Having endured doubts about this year's addition to the F1 calendar almost to the eve of the Korean Grand Prix, Bernie Ecclestone has issued a more favourable progress report for next year's scheduled Indian race.

A flying visit to the construction site in Greater Noida, on the outskirts of New Delhi, allowed the 79-year old to assess the work already underway and, following the controversy surrounding India's hosting of the Commonwealth Games, he was happy to give a positive view.

"I can't praise things enough," he told a gathering of reporters, "Everything was much better than I expected - the track is much better than many."

A feature for the BBC's F1 coverage recently showed the site to be little more than a typical construction site, with little semblance of track amid the gradually rising infrastructure, but Ecclestone was able to see the topography of the circuit, and insisted that he had confidence that private developer Jaypee Group would deliver on time.

"If the race was going to be held next month, I would be happy to say that it would be there," he claimed, "There was so much doubt about the Commonwealth Games because of silly media reports, and people warned me not to expect too much, but I am so happy with the progress of work. I have no fears about the circuit, which is going to be much better than many we have. It is a very creative track, and it will give India a chance to showcase its people and expose India to the rest of the world."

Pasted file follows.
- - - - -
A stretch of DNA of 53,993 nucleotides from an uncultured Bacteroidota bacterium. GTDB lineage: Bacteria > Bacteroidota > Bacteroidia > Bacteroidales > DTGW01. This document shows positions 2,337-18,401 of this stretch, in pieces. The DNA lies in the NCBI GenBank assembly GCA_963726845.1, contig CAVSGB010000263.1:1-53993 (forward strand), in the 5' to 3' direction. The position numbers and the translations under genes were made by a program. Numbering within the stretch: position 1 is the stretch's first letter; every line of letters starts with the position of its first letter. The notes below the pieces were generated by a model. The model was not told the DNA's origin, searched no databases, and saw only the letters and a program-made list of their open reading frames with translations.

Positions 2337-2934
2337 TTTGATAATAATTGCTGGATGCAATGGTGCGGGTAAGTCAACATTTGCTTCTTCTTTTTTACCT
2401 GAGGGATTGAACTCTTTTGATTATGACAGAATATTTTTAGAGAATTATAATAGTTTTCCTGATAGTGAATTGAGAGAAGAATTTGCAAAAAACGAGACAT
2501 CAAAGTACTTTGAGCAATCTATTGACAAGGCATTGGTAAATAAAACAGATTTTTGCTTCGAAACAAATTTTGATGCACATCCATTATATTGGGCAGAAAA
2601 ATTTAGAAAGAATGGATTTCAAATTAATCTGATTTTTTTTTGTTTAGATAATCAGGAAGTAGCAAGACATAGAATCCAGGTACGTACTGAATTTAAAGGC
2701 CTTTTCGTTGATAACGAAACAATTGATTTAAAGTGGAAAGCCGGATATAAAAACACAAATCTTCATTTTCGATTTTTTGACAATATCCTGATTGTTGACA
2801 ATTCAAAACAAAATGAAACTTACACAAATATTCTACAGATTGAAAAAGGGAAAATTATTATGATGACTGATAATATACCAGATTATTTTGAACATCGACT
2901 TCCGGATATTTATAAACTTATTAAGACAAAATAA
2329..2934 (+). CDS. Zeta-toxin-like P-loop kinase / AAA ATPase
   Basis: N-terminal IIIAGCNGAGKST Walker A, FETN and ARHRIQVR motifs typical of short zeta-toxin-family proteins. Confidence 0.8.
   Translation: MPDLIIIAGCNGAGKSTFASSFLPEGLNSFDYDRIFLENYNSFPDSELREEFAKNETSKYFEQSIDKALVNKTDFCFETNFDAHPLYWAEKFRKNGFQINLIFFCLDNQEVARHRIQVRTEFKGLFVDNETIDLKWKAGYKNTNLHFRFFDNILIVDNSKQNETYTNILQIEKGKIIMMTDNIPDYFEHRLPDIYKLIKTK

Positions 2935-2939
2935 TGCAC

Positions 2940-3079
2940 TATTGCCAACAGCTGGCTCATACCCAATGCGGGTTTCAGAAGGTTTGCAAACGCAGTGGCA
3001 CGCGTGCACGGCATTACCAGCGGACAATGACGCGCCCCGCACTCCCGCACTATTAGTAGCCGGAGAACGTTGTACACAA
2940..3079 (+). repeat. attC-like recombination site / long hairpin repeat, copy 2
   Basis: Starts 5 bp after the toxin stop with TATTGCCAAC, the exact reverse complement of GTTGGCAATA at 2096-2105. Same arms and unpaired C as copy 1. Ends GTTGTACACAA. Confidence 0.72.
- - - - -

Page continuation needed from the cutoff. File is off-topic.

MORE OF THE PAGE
The Hermann Tilke-designed circuit is expected to form the centrepiece of a larger sports development, and Ecclestone said that he expected F1 to sit comfortably alongside other sports more familiar to the Indian population, such as hockey and cricket.

"I had heard about India, and I thought that it was somewhere we should be," he confirmed, "In fact, we should have been here before. I don't see why the airport should not be able to tackle the flow of equipment, cars, etc, and I don't see much problem in dealing with traffic, so the only thing left to sort out is hotels, but there are more and more coming up in surrounding areas, so that will be good."

Praising what he had seen of the Commonwealth Games - notably the opening ceremony, which he said bettered those of recent Olympic Games - Ecclestone admitted that the grand prix would naturally benefit from having an Indian driver in the field when F1 arrives in India next September.

"I think F1 is accepted in India and, if we had an Indian driver in an Indian team - or a good team - it would be superb," he noted, referring to erstwhile HRT pilot Karun Chandhok, who he has openly supported this season, "It is the same in every country - people turn up to cheer their own countrymen. We have already seen Karun in one of the F1 teams, and he needs to concentrate on F1. It is nice that Vijay [Mallya] is supporting F1 and an Indian team, but I want an Indian driver in Vijay's team or in a good team."